In the book “The Power of Myth,” Joseph Campbell comments “‘All life is sorrowful’ is the first Buddhist saying, and so it is.” So how do we find contentment on our own individual journeys?
Years ago, I became friends with a woman who had come to the same small town in Michigan. Our friendship was bonded by a number of mutual interests. And, we believed it was more than serendipity that we shared the same birthday.
When “C” died, she had few guests at the visitation, and a small number of mourners at the church service –many who were members of the same church which she had attended regularly.
Her one and only child, a son, came from New York City to arrange for her funeral. He looked nothing like the black and white photo which had hung on her living room wall: a composite likeness of a youthful Dylan Thomas and Bob Dylan. Instead it was a middle aged, ruddy complexioned individual who traveled to the Midwest to bury his mother.
While some might have viewed my friend’s circumstances as sad or lonely: a life that had little chance for happiness or fulfillment, “C” seemed to follow her path with ease. In reflection, part of the answer may be found in how this friend embraced her world.
“C” lived outside the city limits, on a less traveled, county road – a setting filled with trees and few homes. Before the great room concept was alive and booming, “C” had planned her home’s design so that her living room would be the largest spot in her very small house.
This room beckoned for the centering of one’s soul: the large, black wood burning stove was the object for meditative focus. And the windows filled one’s vision with her paradise: greenery and sky.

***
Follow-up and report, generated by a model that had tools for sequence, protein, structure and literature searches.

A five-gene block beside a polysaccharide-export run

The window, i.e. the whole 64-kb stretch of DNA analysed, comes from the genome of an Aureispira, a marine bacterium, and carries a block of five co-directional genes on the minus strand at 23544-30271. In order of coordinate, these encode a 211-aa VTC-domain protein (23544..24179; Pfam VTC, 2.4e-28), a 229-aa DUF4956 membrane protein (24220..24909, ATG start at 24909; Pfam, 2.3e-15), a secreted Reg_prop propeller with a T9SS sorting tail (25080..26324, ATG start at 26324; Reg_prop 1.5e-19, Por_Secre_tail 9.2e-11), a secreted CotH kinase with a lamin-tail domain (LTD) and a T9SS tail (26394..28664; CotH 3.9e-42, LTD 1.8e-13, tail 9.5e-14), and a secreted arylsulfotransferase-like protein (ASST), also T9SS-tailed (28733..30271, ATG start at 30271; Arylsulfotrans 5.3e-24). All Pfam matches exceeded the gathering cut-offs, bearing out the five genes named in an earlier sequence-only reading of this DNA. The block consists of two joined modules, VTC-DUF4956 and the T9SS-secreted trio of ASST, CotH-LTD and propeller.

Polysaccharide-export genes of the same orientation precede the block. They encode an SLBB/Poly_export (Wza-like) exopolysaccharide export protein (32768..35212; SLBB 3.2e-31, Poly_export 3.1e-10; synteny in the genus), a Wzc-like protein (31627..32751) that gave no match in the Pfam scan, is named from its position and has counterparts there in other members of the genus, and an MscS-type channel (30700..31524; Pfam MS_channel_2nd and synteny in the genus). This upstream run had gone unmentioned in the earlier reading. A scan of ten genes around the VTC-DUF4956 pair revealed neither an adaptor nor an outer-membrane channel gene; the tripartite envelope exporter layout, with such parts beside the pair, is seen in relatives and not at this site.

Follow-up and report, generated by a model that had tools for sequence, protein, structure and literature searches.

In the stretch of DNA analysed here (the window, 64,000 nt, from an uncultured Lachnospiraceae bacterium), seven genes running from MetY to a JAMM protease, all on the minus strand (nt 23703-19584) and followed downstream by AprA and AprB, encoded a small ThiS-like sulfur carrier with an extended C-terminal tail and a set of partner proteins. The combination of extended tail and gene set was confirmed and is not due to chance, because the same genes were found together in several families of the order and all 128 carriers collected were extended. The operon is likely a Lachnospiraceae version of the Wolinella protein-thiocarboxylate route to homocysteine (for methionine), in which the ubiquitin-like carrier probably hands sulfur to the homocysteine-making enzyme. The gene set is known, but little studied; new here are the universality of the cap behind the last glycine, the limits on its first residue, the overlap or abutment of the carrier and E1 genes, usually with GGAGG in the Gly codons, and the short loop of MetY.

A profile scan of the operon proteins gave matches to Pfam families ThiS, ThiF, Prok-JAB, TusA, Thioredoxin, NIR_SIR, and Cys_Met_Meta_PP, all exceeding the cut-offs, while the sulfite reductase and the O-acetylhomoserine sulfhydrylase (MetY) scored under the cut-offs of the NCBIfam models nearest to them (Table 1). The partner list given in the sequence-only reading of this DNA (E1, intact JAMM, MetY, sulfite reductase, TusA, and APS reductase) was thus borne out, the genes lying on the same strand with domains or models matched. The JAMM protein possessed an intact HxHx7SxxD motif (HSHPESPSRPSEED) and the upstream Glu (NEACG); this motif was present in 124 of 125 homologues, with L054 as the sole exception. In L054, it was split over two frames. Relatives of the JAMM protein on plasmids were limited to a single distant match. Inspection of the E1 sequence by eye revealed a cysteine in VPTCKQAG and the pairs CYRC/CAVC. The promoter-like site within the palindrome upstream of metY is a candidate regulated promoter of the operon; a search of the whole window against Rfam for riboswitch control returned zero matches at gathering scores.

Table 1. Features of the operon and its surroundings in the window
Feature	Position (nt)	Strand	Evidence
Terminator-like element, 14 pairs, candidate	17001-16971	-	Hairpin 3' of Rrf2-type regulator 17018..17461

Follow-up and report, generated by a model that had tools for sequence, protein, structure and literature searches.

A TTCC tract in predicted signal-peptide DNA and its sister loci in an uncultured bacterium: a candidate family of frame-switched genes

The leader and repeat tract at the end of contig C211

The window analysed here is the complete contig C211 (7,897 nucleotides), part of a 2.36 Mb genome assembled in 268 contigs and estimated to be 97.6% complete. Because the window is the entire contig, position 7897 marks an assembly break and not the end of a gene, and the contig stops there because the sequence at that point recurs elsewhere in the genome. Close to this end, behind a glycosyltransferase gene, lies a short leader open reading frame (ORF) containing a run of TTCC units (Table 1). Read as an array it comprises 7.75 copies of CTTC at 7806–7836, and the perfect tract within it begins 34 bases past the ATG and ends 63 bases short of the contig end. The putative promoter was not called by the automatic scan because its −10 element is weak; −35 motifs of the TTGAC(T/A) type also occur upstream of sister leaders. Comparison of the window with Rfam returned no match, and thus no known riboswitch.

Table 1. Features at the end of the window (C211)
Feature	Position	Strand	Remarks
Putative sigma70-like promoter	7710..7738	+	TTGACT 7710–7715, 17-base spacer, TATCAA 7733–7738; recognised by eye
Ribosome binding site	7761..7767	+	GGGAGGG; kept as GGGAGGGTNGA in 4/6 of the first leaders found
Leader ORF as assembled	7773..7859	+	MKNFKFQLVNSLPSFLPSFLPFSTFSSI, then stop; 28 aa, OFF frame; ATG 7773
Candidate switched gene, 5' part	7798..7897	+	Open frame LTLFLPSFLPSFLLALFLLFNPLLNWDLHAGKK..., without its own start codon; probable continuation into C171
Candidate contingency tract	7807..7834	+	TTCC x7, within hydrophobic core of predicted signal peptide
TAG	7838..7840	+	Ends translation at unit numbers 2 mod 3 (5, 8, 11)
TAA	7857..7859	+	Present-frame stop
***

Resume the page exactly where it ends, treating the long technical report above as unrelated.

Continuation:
It was in this room where three to four of us would meet on a number of Sunday afternoons. “C” would read from her books – often from either “He” or “She” by Robert Johnson. Then she would engage us in the significance of the symbolism in the stories. Afterward, we would drink Darjeeling tea – allowing the thoughts of our discussions to settle.
At the time, I gave little pause to the real significance of these short-lived gatherings. But in retrospect, were those concepts and beliefs the foundation from which she positioned her life?
Like society’s never-ending quest for a Utopian world, I wonder if Man is capable of achieving the perfected wholeness that he seeks. Could there be a paralleled irony which embodies both society and Man? Or is this instead our individual and collective blessing?
Near the very end of the “The Power of Myth,” Campbell quotes Karlfried Graf Durckheim: “When you’re on a journey, and the end keeps getting further and further away, then you realize that the real end is the journey.”